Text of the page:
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The TCP/IP Guide

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Table Of Contents  The TCP/IP Guide
 9  TCP/IP Application Layer Protocols, Services and Applications (OSI Layers 5, 6 and 7)
      9  Network File and Resource Sharing Protocols and the TCP/IP Network File System (NFS)
           9  TCP/IP Network File System (NFS)

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TCP/IP Network File System (NFS)
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NFS Architecture and Components
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NFS Overview, History, Versions and Standards
(Page 3 of 3)

NFS Versions and Standards

Since it was initially designed and marketed by Sun, NFS began as a de facto standard. The first widespread version of NFS was version 2, and this is still the most common version of the protocol. NFS version 2 was eventually codified as an official TCP/IP standard when RFC 1094, NFS: Network File System Protocol Specification, was published in 1989.

NFS Version 3 was subsequently developed, and published in 1995 as RFC 1813, NFS Version 3 Protocol Specification. It is similar to version 2 but makes a few changes and adds some new capabilities. These include support for larger file transfers, better support for setting file attributes, and several new file access and manipulation procedures. NFS version 3 also provides support for larger files than version 2 did.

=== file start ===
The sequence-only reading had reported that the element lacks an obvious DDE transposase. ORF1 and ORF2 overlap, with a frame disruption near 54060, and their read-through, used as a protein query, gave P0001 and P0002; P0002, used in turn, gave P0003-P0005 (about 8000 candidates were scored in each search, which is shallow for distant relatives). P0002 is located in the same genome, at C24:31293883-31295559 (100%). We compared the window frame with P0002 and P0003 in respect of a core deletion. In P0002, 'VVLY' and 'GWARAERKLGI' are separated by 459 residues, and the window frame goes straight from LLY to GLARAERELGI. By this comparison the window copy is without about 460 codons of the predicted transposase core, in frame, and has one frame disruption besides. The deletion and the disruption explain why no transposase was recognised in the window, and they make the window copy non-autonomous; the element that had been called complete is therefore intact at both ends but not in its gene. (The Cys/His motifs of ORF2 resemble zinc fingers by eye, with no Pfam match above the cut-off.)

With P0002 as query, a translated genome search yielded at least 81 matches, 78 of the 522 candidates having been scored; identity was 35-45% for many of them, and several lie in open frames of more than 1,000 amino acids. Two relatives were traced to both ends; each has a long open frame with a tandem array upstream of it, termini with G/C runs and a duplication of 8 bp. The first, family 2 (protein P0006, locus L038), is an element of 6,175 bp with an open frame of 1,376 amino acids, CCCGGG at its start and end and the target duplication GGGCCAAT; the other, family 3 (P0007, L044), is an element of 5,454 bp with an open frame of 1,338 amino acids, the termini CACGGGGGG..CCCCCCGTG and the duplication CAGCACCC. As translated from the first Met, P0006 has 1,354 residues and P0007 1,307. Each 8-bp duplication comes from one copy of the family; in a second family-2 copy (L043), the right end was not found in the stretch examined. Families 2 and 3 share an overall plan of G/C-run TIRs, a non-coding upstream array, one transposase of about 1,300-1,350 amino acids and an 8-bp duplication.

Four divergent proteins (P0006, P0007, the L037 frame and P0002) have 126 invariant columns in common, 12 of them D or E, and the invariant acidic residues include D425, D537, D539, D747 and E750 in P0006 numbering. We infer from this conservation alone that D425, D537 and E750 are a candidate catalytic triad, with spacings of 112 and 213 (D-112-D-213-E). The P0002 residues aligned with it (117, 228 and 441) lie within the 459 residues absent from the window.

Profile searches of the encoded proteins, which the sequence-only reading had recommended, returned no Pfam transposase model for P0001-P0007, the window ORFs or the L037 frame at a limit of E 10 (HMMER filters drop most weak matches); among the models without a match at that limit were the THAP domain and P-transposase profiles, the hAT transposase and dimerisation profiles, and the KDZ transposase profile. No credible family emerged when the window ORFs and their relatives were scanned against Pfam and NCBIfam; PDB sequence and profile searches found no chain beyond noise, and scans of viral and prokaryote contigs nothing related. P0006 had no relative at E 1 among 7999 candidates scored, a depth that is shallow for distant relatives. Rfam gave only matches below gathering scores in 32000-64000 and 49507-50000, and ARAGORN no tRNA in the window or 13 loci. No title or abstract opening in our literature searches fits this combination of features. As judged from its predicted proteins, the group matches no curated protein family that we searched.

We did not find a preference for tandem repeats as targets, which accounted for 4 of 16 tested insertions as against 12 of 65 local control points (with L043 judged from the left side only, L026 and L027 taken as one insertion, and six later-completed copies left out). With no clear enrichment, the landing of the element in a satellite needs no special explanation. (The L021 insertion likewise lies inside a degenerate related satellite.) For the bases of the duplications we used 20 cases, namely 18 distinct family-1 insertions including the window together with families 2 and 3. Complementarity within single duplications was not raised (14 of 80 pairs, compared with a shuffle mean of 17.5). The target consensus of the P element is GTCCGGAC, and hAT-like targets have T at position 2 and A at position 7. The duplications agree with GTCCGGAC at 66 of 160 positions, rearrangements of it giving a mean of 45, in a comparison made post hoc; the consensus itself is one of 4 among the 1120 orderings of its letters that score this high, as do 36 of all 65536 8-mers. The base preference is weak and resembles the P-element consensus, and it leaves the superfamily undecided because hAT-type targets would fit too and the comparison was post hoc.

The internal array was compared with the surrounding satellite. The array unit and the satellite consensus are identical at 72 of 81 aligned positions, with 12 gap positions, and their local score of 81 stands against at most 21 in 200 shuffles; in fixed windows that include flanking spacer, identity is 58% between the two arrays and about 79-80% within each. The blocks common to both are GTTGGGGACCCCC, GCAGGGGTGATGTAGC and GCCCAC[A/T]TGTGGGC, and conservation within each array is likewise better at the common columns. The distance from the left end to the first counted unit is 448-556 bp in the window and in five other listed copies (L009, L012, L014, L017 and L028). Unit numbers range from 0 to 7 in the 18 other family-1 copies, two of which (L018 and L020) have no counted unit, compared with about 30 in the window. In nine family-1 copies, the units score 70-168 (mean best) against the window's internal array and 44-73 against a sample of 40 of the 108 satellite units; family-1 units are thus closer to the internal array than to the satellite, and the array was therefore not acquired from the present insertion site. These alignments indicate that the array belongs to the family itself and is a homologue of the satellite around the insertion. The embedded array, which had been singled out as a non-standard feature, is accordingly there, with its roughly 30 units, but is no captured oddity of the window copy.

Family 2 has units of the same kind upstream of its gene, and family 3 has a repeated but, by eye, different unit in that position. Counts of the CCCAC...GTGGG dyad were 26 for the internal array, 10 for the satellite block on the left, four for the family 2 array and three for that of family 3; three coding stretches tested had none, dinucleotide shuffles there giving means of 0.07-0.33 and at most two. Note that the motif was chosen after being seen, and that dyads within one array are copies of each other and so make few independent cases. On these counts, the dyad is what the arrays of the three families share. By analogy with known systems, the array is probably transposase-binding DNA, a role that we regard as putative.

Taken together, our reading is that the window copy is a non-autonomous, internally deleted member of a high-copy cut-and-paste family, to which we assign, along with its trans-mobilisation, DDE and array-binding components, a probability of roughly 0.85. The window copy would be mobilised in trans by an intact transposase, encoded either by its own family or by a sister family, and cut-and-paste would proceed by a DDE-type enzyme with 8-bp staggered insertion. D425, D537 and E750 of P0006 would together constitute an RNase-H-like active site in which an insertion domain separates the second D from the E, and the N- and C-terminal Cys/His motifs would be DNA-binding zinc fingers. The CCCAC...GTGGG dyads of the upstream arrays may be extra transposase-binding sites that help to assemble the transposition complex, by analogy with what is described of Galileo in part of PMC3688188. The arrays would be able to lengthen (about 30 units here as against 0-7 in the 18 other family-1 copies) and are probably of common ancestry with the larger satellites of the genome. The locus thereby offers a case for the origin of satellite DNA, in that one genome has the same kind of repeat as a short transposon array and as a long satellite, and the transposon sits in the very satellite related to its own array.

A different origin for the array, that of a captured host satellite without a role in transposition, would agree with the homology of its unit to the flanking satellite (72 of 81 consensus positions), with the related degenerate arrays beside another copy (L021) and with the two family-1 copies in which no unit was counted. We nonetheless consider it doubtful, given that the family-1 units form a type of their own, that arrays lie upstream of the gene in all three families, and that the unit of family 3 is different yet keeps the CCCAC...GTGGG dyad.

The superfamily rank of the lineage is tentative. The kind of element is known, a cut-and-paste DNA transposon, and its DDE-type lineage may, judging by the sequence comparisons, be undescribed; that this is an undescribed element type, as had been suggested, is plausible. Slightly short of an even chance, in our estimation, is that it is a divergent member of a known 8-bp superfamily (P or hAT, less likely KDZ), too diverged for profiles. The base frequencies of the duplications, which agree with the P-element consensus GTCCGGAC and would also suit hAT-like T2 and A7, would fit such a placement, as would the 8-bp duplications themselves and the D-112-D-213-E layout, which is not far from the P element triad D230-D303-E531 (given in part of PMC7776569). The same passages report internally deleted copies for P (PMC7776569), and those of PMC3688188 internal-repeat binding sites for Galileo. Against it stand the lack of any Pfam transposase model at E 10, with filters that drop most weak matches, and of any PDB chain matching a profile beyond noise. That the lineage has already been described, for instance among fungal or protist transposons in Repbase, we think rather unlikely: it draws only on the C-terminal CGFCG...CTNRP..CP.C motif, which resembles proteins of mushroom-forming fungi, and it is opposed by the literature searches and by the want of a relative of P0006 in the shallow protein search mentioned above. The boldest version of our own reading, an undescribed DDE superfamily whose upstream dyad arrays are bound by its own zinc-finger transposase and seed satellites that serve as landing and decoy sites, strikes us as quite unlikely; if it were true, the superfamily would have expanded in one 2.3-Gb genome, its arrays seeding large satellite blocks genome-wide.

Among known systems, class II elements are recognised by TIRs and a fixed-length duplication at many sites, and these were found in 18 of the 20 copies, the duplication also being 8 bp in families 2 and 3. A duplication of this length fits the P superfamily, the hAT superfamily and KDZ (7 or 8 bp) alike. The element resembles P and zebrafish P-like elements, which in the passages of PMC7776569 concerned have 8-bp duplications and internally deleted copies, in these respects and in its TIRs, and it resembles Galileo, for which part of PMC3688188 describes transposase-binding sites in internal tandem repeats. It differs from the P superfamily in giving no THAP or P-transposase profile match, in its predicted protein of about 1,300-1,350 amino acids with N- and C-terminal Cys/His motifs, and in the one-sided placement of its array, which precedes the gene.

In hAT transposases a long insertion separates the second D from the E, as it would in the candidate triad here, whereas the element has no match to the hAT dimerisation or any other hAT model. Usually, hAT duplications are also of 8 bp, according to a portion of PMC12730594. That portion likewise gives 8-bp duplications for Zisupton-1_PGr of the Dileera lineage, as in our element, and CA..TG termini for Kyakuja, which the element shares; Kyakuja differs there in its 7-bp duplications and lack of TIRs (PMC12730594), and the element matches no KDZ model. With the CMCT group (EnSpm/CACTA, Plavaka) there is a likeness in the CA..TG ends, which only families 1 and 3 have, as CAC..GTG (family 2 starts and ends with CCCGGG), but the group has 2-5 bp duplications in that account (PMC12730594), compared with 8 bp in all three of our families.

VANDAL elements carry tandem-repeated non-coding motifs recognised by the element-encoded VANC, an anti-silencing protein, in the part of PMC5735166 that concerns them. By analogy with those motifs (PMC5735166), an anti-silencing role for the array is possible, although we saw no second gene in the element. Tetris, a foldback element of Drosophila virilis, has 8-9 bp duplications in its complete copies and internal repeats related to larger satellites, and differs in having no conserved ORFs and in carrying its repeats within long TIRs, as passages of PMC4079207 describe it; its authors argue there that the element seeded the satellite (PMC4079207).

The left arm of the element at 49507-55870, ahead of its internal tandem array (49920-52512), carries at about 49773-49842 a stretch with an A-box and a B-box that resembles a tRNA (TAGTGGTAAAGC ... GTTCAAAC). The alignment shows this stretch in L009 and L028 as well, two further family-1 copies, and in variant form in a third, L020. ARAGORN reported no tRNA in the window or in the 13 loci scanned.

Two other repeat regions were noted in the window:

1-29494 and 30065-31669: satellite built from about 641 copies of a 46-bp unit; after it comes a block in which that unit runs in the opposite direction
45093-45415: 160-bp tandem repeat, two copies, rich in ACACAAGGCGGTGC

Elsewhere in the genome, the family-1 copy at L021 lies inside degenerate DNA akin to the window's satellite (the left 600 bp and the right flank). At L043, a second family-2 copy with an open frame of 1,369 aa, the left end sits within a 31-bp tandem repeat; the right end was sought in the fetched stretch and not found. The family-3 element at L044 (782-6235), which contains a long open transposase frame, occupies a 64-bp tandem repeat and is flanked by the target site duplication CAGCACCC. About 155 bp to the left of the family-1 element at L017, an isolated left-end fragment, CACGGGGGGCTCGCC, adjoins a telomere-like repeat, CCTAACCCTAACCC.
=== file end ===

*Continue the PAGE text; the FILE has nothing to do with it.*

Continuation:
NFS Version 4 was published in 2000 as RFC 3010, NFS version 4 Protocol. Where version 3 of NFS contained only relatively small changes to version 2, NFSv4 is virtually a rewrite of NFS. It includes numerous changes, most notably the following:

  • Reflecting the needs of modern internetworking, NFSv4 puts greater emphasis on security.

  • NFSv4 introduces the concept of a Compound procedure, which allows several simpler procedures to be sent from a client to server as a group.

  • NFSv4 almost doubles the number of individual procedures that a client can use in accessing a file on an NFS server.

  • Version 4 also makes a significant change in messaging, with the specification of TCP as the transport protocol for NFS.

  • Finally, NFS integrates the functions of the Mount protocol into the basic NFS protocol, eliminating it as a separate protocol as it is in versions 2 and 3.

The version 4 standard also has a lot more details about implementation and optional features than the earlier standards—it's 275 pages long. So much for simplicity! J RFC 3010 was later updated by RFC 3530, Network File System (NFS) version 4 Protocol, in April 2003. This standard makes several further revisions and clarifications to the operation of NFS version 4.


Previous Topic/Section
TCP/IP Network File System (NFS)
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NFS Architecture and Components
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